Water is an essential resource that is considered vital for the survival of all life. It plays an integral role in the industry, economy, agriculture, and almost all walks of life; its contribution is important for the advancement of society [1]. The demand for water has increased over time with the increasing demands of the human population. A reduction in water demand and a decrease in water supply, especially freshwater resources, can cause water shortages and droughts [2]. Nowadays, the available water is contaminated with multiple pollutants, reducing the freshwater resources, causing many diseases, and threatening public health and quality of life [3,4,5]. Pollution is a complex problem because it involves point, nonpoint, and anthropogenic sources [6]. The treatment of wastewater may be a viable alternative to provide reclaimed water for ensuring sustainable water use. Therefore, wastewater treatment and reuse can arguably be the best technique to tackle water shortages and provide treated water for several domestic uses [7].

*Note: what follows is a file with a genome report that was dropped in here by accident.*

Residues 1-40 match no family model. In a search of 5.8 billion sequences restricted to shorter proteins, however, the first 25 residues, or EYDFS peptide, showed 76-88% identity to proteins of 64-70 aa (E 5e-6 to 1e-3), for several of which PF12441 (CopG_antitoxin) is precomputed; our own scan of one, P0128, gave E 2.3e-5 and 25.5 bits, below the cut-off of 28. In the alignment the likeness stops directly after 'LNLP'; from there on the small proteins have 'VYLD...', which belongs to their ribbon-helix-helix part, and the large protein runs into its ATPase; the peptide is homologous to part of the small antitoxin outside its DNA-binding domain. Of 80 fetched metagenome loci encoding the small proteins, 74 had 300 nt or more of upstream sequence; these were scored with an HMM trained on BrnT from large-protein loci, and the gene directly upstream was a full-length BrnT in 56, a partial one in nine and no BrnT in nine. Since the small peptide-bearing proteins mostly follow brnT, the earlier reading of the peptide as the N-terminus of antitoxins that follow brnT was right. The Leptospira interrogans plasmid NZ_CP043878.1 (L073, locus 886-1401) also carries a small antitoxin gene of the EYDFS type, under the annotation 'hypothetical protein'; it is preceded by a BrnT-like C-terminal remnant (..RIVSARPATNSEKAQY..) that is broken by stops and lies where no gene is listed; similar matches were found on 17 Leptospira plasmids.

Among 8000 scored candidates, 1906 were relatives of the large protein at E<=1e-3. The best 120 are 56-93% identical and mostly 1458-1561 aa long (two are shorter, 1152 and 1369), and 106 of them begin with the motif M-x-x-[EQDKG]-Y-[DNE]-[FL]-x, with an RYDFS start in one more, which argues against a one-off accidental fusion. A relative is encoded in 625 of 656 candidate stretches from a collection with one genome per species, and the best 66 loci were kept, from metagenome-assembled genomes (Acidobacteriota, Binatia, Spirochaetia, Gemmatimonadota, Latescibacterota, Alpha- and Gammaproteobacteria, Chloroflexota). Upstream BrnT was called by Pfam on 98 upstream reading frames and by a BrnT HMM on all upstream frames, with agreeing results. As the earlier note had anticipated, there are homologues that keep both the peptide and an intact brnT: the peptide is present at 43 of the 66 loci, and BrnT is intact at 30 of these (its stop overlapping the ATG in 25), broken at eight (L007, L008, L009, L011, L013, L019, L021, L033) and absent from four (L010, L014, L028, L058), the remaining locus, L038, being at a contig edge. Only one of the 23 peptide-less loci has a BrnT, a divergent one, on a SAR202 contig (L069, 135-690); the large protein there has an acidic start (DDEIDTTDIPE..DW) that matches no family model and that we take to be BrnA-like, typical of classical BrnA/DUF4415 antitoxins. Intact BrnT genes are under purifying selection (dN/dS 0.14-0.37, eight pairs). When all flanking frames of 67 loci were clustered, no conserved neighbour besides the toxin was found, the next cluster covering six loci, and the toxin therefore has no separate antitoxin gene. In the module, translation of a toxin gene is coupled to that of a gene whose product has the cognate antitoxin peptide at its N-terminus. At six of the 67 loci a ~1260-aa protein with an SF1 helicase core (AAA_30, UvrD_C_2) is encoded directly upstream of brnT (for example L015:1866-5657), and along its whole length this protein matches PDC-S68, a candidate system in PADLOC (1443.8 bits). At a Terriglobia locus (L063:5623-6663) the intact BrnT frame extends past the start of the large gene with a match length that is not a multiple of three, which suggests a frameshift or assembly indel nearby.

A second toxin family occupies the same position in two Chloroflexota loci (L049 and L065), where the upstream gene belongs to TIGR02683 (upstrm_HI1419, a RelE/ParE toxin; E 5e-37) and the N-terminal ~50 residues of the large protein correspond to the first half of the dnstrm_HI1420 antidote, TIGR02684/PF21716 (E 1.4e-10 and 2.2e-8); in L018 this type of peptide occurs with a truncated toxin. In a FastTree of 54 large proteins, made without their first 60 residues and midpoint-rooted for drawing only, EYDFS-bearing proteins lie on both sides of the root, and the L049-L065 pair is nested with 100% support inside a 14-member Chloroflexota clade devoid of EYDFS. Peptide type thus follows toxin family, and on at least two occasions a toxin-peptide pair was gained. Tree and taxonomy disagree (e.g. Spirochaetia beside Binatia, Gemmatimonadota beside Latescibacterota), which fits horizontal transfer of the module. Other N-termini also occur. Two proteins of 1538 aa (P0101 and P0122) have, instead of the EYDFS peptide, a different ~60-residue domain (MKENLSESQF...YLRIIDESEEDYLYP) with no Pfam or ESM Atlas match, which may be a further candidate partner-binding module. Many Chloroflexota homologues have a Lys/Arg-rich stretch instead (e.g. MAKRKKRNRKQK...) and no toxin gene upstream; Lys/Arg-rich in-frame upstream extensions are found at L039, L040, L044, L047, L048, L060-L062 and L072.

Recently, a growing list of water contaminants, i.e., emerging pollutants or micropollutants, has been identified, including household chemicals and other harmful substances such as flouro-alkyl substances [8,9]. These substances have harmful and toxic effects on living organisms. Therefore, various techniques are used to remove these contaminants with miscellaneous results [10]. The toxic effects of the organic pollutants include irritation to skin, reactions when swallowed or ingested, increase in the water pollution, and even serious diseases such as cancer [11]. Pesticides are commonly employed chemicals in agriculture that eliminate unwanted organisms and increase crop production. Currently, there are 1378 listed pesticides in existence. These pesticides persist in the environment for long periods and are toxic to nontarget life [12]. Pesticides find their way into water bodies due to runoff and leaching and end up in food on the table. Almost 25 pesticides are frequently detected in surface water compared to groundwater [13]. Traditional wastewater treatment plants have not been commissioned to remove micropollutants, including pesticides. For example, one of the most widely used pesticides, imidacloprid, was found in the discharge of wastewater treatment plants with concentrations reaching 1 μg/L. The removal efficiencies of imidacloprid, acetamiprid, and clothianidin were only 10–20% [14]. Therefore, novel treatment methods are needed to handle the issue of micropollutants and pesticides. Advanced oxidation processes (AOPs) have been proposed to remove pesticides and micropollutants with promising results [15]. Photocatalysis, catalytic ozonation, and Fenton processes are some well-known AOPs. Photocatalysis generally uses heterogeneous catalysts, which are excited by photons emitted by a UV source. The reduction of mixing chemicals, cheap photocatalyst, and relatively lower energy costs make photocatalysis a very popular AOP [16]. Catalytic ozonation uses ozone, a powerful oxidant, which could be combined with a homogenous catalyst such as H2O2. In addition, metal ions, adsorbents, or heterogeneous catalysts can also be used [17]. The electro-Fenton process is an improved iteration of the traditional Fenton process, which involves H2O2 and iron salts, with an aim to maximize the production of oxidative species [18]. AOPs require high energy inputs; therefore, electrical energy per order (EEO) has been introduced to determine the energy requirements of the AOPs, in which viable AOPs should have EEO of less than 100. EEO is defined as the energy in kilowatt hours (kWh) that is required to degrade a pollutant by 90% per m3 of polluted water [19].